|Publication number||US4062057 A|
|Application number||US 05/788,103|
|Publication date||6 Dec 1977|
|Filing date||15 Apr 1977|
|Priority date||15 Apr 1977|
|Publication number||05788103, 788103, US 4062057 A, US 4062057A, US-A-4062057, US4062057 A, US4062057A|
|Inventors||Donald W. Perkins, Marvin W. Smith|
|Original Assignee||The United States Of America As Represented By The Secretary Of The Navy|
|Export Citation||BiBTeX, EndNote, RefMan|
|Patent Citations (1), Referenced by (79), Classifications (7)|
|External Links: USPTO, USPTO Assignment, Espacenet|
The present invention relates generally to power supplies which utilize inverters in their operation and, more particularly, to an A.C.-to-D.C. regulated power supply or a static frequency converter wherein a plurality of inverters operate so as to equally share the input voltage.
It is not uncommon for the D.C. voltage as developed, for example, by rectifying the standard three-phase A.C. voltage available at the power lines to be too high to operate an inverter required to produce a comparatively low D.C. voltage. If the inverter if of the solid state type, a D.C. voltage, which may be twice the rectified line voltage, may occur across its switching elements, causing premature breakdown and failure.
One arrangement for avoiding this problem involves connecting two or more lower voltage inverters in series across the rectified D.C. voltage with their outputs driving a common load. However, with more than one inverter present, there is the possibility of an unbalanced sharing of the input voltage and/or load. Also, one of the inverters may malfunction presenting either, for example, a short-circuit or an open-circuit to the input supply voltage. Either of these conditions may result in fatal damage to the companion inverters of the series arrangement.
It is, accordingly, an object of the present invention to provide a regulated power supply utilizing a plurality of inverters which are serially interconnected across a D.C. driving voltage.
Another object of the present invention is to provide a regulated power supply employing a multiplicity of inverters that are inherently self-balancing so as to equally share the input driving voltage.
Another object of the present invention is to provide a power supply having at least two inverters with a single error amplifier controlling both units.
Briefly, and in general terms, the above objects of invention are realized by employing in the regulated power supply an appropriate number of low voltage inverters which are connected in series across the comparatively high D.C. Driving voltage. An R.C. network consisting of a series of resistors and a like series of capacitors are connected in parallel across this voltage with each capacitor in the input circuit of an associated inverter. One resistor and one capacitor is provided for each inverter. Each pair of adjacent resistors and capacitors functions like a bridge circuit to detect any irregularity in the performance of an inverter. Any irregularity in load sharing changes the equal voltage distribution normally existing across the chain of capacitors, and this results in a rebalancing of the system. Any substantial change in the input impedance of an inverter reflecting, for example, a short-circuit or an open-circuit in a unit also disturbs this voltage distribution. When this occurs, an unbalanced current flows between the R.C. junctions, and in response thereto, the D.C. driving voltage is removed from the inverters as a protection feature.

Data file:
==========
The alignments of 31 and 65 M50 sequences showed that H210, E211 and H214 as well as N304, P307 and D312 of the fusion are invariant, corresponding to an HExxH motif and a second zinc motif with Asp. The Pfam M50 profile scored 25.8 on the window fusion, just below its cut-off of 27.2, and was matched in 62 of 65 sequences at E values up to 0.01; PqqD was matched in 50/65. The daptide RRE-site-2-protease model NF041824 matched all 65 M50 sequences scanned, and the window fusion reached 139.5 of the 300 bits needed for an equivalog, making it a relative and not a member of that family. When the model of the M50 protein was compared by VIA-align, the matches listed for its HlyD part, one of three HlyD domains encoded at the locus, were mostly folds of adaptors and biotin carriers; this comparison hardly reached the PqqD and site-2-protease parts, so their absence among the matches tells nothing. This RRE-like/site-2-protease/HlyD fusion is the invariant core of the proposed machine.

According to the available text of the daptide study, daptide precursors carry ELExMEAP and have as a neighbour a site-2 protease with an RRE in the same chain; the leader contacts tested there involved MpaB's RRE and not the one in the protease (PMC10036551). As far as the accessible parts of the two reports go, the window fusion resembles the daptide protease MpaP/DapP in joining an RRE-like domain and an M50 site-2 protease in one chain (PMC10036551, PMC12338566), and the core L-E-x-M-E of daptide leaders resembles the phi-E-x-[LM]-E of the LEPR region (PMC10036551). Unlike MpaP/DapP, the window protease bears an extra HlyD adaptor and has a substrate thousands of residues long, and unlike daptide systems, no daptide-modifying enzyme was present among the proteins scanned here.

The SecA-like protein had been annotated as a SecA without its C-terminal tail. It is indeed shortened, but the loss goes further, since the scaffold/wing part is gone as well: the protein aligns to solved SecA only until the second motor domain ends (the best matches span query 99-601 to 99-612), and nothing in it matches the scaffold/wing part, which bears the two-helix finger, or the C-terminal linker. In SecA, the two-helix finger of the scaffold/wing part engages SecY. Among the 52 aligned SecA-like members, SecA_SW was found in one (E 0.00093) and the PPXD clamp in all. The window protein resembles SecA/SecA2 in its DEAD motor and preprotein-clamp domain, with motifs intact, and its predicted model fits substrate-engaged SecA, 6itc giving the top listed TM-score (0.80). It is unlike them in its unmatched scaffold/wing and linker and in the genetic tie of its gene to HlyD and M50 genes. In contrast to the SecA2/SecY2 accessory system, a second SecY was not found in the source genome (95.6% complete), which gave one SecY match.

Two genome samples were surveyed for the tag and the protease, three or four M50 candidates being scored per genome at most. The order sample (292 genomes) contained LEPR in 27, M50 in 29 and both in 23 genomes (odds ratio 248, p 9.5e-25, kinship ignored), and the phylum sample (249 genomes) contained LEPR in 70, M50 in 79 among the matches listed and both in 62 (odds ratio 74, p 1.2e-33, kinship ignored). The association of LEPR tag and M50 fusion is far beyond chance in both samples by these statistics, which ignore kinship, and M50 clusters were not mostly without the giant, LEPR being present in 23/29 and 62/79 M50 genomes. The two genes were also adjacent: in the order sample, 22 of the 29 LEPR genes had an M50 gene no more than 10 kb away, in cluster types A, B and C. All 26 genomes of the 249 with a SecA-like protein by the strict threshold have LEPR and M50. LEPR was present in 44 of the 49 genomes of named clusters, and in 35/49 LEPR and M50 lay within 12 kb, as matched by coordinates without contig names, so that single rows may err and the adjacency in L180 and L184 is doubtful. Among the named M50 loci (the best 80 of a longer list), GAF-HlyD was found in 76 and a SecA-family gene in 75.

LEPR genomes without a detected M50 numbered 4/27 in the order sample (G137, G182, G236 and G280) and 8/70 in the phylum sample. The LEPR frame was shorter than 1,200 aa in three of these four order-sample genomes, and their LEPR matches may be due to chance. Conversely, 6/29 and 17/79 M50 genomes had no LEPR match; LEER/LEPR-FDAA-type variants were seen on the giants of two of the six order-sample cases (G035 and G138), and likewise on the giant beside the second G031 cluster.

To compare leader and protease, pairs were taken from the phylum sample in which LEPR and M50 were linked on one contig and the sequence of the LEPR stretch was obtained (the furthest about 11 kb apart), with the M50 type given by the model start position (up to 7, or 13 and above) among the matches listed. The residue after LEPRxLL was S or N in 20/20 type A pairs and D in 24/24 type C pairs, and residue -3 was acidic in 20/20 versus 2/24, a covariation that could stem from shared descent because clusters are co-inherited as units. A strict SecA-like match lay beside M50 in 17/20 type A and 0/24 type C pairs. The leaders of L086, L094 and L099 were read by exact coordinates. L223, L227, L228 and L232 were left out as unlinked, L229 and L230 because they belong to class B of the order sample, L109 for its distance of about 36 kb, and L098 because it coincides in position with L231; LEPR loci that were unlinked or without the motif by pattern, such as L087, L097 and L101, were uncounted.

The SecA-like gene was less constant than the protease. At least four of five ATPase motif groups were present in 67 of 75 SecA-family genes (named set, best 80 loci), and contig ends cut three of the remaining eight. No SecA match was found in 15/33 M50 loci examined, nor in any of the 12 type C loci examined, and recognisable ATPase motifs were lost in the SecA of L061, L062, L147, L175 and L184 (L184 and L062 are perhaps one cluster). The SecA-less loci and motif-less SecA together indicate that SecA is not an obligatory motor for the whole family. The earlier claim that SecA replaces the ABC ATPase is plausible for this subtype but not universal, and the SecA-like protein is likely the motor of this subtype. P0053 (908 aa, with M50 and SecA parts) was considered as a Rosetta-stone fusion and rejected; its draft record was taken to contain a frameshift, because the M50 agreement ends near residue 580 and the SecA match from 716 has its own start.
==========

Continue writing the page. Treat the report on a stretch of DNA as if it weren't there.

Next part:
Other objects, advantages and novel features of the invention will become apparent from the following detailed description of the invention when considered in conjunction with the accompanying drawings wherein:
FIG. 1 is a schematic diagram of an A.C.-to-D.C. regulated power supply embodying the principles of the invention;
FIG. 2 is a circuit diagram of an inverter which may be used in the system of FIG. 1; and
FIG. 3 is a series of waveforms helpful in explaining the operation of the system of FIG. 1.
Referring now to FIG. 1 of the drawings which shows an A.C.-to-D.C. regulated power supply embodying the present invention, a three-phase A.C. power source 10 has connected to its individual lines in a conventional configuration, a first series of rectifiers 11, 12 and 13 and a second series 14, 15 and 16 which fully rectify the A.C. voltages and provide a D.C. voltage across terminals 17 and 18. The ripple in this voltage is reduced by a filter choke 19 in the positive line. Thus, a substantially constant D.C. driving voltage is availble for the series arrangement of inverters 26, 27 and 28. In this illustrative embodiment, three inverters are shown. However, the specific number needed in any power supply is determined by the magnitude of the voltage across terminals 17 and 18 and the voltage rating of each inverter unit. In the present case, the driving voltage at each inverter is one-third the value of the rectified line voltage because of the voltage dividing action of equal magnitude input impedances of the three inverters 26, 27 and 28 which are connected in series across the above terminals.
In order to protect the inverters against damage caused by, for example, either excess driving voltage or short-circuit currents, the regulator includes a series arrangement of equal capacitors 23, 24 and 25 which is connected in parallel across the voltage divider. There is one capacitor for each inverter, with each capacitor being in the input circuit of an associated inverter.
A current detecting device, such as the energizing element of a solid state relay or the coil of a conventional relay is connected between the corresponding junctions of the resistors 20, 21 and 22 and the capacitors 23, 24 and 25. These detectors, here 29 and 30, respond to any unbalanced current flowing between the junctions and operate appropriate switches, such as 31, or other circuit interrupting means to isolate the inverters from their driving voltages.